Time for a Tax Revamp | The Jackal

13 Sep 2011

Time for a Tax Revamp

Gareth Morgan and Susan Guthrie answered the critics of their ideas to transform NZ's tax and welfare system in a great read on the New Zealand Herald's website today. Don't get me wrong, I'm no fan but I believe in giving credit where credit is due.

They answer the three main criticism to their proposals, and the main one to stand out for me was their answer for CRITICISM 2: Many people will choose not to work at all if they get the UBI.

Because of benefit abatement rates, the current system makes it perfectly rational for people who rely on benefits not to supplement them with paid work. You wouldn't attempt paid work if it left you worse off - why should you? With respect to unpaid work, New Zealand has one of the highest rates of unpaid work in the world - hardly indicative of a nation of shirkers.


It is also important that there are paid jobs for people to do. We address this issue with the tax proposal. By leaving large gaps in the tax base, current policies have encouraged huge amounts of money to be invested in housing - but what paid work does this create? - the initial build, then cleaning, gardening, someone to fix the odd faulty tap. This excessive focus on housing has been at the expense of investment in real wealth creation.

Gareth and Susan nailed it with good old fashioned straight forward thinking. So to highlight what they're talking about a bit more, here's some info re National's "incentives" so far:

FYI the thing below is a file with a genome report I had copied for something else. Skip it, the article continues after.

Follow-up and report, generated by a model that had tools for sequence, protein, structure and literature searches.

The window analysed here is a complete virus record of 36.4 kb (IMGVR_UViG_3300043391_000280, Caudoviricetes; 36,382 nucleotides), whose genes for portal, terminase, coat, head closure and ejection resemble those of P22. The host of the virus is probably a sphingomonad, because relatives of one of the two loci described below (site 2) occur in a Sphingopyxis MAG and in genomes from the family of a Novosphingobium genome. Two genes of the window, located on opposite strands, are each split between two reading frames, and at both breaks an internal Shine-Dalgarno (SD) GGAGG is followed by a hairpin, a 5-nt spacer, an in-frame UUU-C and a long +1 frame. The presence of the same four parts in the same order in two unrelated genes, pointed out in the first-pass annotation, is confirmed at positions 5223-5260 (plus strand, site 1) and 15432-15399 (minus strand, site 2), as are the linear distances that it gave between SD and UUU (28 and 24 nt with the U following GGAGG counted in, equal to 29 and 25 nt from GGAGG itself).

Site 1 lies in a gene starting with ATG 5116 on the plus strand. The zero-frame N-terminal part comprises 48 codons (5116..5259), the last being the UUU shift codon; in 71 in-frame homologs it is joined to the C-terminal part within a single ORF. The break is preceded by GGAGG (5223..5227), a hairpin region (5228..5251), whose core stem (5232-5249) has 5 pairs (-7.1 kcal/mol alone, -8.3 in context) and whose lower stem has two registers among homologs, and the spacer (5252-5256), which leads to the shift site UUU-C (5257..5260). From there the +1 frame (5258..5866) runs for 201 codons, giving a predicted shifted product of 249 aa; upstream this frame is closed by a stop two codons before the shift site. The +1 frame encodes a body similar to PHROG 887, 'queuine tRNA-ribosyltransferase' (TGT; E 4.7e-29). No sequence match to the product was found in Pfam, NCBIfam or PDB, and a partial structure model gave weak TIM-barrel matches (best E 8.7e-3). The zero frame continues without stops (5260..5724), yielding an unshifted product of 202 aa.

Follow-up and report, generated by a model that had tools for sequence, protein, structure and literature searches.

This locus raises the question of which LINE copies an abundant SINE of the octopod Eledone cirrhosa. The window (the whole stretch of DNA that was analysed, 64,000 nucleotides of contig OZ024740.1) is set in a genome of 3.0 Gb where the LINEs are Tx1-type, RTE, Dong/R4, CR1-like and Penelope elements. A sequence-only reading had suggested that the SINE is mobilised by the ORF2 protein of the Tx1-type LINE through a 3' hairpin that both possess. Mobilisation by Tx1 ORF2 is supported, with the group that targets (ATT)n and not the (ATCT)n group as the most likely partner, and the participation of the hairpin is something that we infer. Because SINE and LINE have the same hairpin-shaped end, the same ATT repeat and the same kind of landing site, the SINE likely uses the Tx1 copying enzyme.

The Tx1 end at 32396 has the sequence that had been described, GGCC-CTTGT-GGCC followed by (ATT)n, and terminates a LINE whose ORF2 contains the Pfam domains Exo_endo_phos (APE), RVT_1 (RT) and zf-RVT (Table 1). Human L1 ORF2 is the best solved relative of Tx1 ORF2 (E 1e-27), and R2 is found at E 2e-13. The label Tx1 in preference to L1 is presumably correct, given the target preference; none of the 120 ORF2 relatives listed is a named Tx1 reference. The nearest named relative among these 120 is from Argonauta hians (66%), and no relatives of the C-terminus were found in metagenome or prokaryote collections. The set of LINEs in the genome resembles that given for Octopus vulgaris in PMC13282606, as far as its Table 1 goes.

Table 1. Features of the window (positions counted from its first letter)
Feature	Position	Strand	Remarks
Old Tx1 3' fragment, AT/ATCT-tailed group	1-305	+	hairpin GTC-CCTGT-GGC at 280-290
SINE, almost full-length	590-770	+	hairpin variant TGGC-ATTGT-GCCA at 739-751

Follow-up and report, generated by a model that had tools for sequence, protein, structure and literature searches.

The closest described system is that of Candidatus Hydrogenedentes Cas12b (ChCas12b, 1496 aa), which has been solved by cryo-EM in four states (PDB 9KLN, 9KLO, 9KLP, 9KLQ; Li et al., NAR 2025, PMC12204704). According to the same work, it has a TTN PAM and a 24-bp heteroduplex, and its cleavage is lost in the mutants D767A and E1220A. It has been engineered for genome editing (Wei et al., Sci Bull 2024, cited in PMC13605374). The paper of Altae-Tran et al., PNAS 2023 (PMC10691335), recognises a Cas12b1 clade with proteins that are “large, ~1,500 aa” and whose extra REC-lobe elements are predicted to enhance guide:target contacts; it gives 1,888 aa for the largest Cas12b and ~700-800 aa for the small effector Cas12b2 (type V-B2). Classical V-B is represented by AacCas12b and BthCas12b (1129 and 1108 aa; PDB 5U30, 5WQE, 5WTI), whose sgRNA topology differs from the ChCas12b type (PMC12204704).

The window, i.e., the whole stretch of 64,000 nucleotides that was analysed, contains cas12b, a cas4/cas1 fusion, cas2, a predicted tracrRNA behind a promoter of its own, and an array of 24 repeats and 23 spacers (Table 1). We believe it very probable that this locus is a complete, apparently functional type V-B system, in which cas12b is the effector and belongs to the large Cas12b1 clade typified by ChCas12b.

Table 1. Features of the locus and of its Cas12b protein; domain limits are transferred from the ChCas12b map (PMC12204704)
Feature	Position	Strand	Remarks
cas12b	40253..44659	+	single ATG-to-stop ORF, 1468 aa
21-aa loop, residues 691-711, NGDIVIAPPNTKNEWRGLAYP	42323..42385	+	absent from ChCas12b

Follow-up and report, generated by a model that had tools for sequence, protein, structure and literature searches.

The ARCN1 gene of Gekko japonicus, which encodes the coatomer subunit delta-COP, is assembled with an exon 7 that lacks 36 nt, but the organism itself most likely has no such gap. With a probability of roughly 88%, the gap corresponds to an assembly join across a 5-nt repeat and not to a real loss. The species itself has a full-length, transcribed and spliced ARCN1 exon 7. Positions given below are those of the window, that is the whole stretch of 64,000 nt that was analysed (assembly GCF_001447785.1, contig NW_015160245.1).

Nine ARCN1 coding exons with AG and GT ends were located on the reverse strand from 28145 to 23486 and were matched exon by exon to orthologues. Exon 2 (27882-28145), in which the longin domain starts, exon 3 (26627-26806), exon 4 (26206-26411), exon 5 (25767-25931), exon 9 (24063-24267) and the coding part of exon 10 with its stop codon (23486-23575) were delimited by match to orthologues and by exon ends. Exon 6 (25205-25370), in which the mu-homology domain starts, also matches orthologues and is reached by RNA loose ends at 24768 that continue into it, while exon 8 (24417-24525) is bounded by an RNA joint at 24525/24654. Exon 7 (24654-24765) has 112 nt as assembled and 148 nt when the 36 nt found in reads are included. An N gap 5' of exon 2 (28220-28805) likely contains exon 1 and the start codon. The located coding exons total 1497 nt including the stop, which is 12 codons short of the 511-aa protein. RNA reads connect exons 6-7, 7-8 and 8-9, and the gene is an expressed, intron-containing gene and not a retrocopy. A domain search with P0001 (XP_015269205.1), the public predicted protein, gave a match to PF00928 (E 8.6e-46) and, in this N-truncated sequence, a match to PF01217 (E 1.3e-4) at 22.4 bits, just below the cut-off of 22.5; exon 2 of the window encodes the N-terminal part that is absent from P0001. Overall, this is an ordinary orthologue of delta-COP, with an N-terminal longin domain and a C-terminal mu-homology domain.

Unemployment beneficiary

Scott is 25 and receives the Unemployment Benefit. He lives in a shared flat, pays $100 a week rent and receives $36 in Accommodation Supplement. Under Budget 2010 changes, he gets a $3.92 a week increase in his benefit and pays an extra $2.89 in GST. Overall, he is $1.03 a week, or $53.56 a year, better off.

Scott weekly income Before After
Net Benefit
Accommodation Supplement
Disposable income
Change in disposable income
due to indexation
Extra GST
Change in net income
Annual change in net income

Doesn't seem like much incentive to stay on the dole. But is there an incentive for Scott to start working? According to this Ministry of Social Development web page, the abatement rate is 70 cents in every dollar earned over $80 a week, for people on Unemployment Benefit. They also pay tax on that and the Accommodation Supplement is automatically deducted.

So let's say Scott is working part time and earning $104.00 for 8 hours per week at minimum wage. Scott's tax on secondary income is 12.54% meaning an additional $678.16 is deducted per year. He looses his Accommodation Supplement straight away - $1944 per year. That works out to be a reduction in his income of $50.43 per week. Then an additional reduction of $16.8 on the $24 he earns above the threshold gives Scott $36.77 in the hand per week. He is effectively working for $4.60 per hour.

Not much incentive then to start working eh! And without a CGT, there's not going to be much incentive for people to invest in job creation either.